Monday, January 06, 2003

Books Worth a Look X
These are the books I read in December 2002. I read about 180 books last year.

Ancient Joe: El Bizarron by C. Scott Morse (Dark Horse, 2002)
According to Morse's "Sources" essay included in this volume, this wide-ranging embrace of various myths, legends, and histories around the world centers on… love. Ancient Joe is a totemic every-hero who's been alive seemingly forever. This book, written and drawn between 1998 and 2002, collects several tales from the Ancient Joe mythos. Morse details Ancient Joe's acquisition of El Diablo's gold, a long-lost love, and his return to hell to find that love. It's an odd pairing -- Morse's quality artwork and an attempt at a Joseph Campbell-like cultural combination, as well as a sometimes shallow take on shared stories. I'm not convinced that the cartoony, carven Ancient Joe is the best protagonist for Morse's experimental exploration, but the stories as such are solid.
Days to read: 1. Rating: Good.

Beg the Question by Bob Fingerman (Fantagraphics, 2002)
Previously released as Fingerman's comic book Minimum Wage, this reworked, excellently crafted book is perhaps the best introduction to his work. At more than 225 pages, Beg the Question reads well as a novel, tracking the main character's illustration work, friendships, new relationship, move out of his old apartment, and impending marriage. While Fingerman's artwork can take awhile to get used to, the writing is amazing. This book had me firmly planted on the big blue couch from beginning to end. There are some wonderfully comic moments -- including a friend's "spouting brownage" on his sheets and a surprise realistic cameo by Fingerman, Dean Haspiel, and Ivan Brunetti. Despite some off-register pages, this is a beautiful and believable book.
Days to read: 1. Rating: Good.

Be Here Now by Ram Dass (Lama Foundation, 1971)
Originally issued as a self-published pamphlet, this volume is really three books in one. The first section details Richard Alpert's self-discovery and transformation into Ram Dass, touching on his work with Timothy Leary and Bhagwan Dass, as well as his experimentation with psychoactive drugs and ashtanga yoga. The second section makes up the bulk of the book, a seemingly hand-stamped and -drawn primer to Dass' original philosophy. The final third of the book, subtitled "Cook Book for a Sacred Life," addresses the practical application of Dass' spiritual path, including advice on sleep, diet, asanas, engagement, meditation, and establishing a zen center. The resource listing at the end of the book is a welcome next step away from this insightful guide to self-discovery.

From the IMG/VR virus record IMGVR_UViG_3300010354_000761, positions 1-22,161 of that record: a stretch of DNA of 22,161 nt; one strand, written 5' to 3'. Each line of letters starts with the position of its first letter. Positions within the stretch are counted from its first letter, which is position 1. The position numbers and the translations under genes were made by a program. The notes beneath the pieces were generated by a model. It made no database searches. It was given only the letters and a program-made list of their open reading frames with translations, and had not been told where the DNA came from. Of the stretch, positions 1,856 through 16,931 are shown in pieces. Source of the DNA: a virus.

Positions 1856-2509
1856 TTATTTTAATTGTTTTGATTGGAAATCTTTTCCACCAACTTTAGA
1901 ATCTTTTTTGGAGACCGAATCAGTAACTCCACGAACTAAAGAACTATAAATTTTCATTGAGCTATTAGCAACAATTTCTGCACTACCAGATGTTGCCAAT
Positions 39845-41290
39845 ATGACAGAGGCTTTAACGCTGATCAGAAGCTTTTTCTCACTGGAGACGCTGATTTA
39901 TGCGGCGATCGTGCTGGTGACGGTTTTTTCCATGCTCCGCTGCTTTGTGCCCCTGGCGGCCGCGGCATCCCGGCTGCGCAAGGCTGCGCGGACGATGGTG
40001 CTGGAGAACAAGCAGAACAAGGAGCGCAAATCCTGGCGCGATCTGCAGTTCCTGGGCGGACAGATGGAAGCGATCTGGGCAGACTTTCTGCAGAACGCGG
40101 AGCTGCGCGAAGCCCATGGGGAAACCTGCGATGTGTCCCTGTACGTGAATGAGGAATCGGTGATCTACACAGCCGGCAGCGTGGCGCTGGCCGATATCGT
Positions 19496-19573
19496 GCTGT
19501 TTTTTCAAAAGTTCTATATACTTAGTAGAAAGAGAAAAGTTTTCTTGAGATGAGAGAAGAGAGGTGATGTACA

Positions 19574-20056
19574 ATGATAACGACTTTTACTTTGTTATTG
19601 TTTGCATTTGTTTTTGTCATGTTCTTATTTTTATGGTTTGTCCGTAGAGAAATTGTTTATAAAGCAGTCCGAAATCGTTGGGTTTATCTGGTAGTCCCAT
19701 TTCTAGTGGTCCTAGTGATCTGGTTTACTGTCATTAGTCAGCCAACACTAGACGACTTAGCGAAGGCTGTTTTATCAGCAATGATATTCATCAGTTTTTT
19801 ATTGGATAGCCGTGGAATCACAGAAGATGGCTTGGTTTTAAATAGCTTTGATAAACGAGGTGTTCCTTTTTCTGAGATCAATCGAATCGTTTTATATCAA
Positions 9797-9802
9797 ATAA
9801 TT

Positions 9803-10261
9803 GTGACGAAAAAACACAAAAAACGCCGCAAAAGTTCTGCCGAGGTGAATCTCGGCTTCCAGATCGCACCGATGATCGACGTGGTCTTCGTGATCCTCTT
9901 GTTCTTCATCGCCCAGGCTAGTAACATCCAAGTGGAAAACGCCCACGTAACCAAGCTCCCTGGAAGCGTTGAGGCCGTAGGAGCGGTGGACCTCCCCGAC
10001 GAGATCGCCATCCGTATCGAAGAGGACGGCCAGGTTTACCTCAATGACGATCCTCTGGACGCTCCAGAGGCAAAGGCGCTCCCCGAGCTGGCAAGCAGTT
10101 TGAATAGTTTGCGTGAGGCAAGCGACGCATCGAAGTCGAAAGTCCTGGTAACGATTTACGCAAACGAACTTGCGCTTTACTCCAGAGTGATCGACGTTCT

Days to read: 1. Rating: Good.

A Christmas Carol by Charles Dickens (Weathervane, 1977)
This special edition of Dickens' 1843 holiday tale is lavishly illustrated by Arthur Rackham. I try to reread this every Christmas, and every year, the book reveals something new. This year, I was struck by Scrooge's visit to the tempest-tossed lighthouse and the thieves' selling of his plundered belongings. It's a delightful book rich with warmth and care -- a perfect Christmas reminder.
Days to read: 1. Rating: Excellent.

The Collected Omaha the Cat Dancer Vol. 1 by Reed Waller and Kate Worley (Fantagraphics, 1995)
Funny animal and anthropomorphic comics aren't really my bag, much less anthro comics that involve sex. But I have a couple of soft spots for the funny animals, including Arn Saba's Neil the Horse, Martin Wagner's Hepcats, and this historic furry book that's been on my radar as long as I've read comics. What I thought was your basic Eros-style furry porn is actually much more mature and complex. Parts commentary on the advent of blue laws in Minneapolis, mystery story, and softcore porn/love affair, Omaha has now risen in my estimation. The narrative has substance, the characters are multidimensional, and I'll have to give the next volume a shot.
Days to read: 1. Rating: Good.

Comic Books and Other Necessities of Life: A Collection of POV Columns by Mark Evanier (TwoMorrows, 2002)
Christopher Hitchens has stopped doing his column for The Nation. And Mark Evanier has stopped doing his column for the Comics Buyer's Guide. Funny thing, you rarely, if ever, see Hitchens and Evanier in the same place at the same time. Are they one and the same? You decide. Collecting columns that Evanier penned for CBG between 1994 and 2002, this book sheds light on the perspective of a true comics fan working within the comics industry. Evanier writes about alternate comics universes, his time working for Hanna-Barbera, the trials and tribulations of a comic book editor, shoplifting from the Cherokee Book Shop in LA, the LA Comic Book Club, William M. Gaines' role in the Comics Code controversy, his close friend Sergio Aragones, and other topics. Including several touching tributes to comics creators and co-conspirators, the book is as much a love letter as it is a look inside the industry.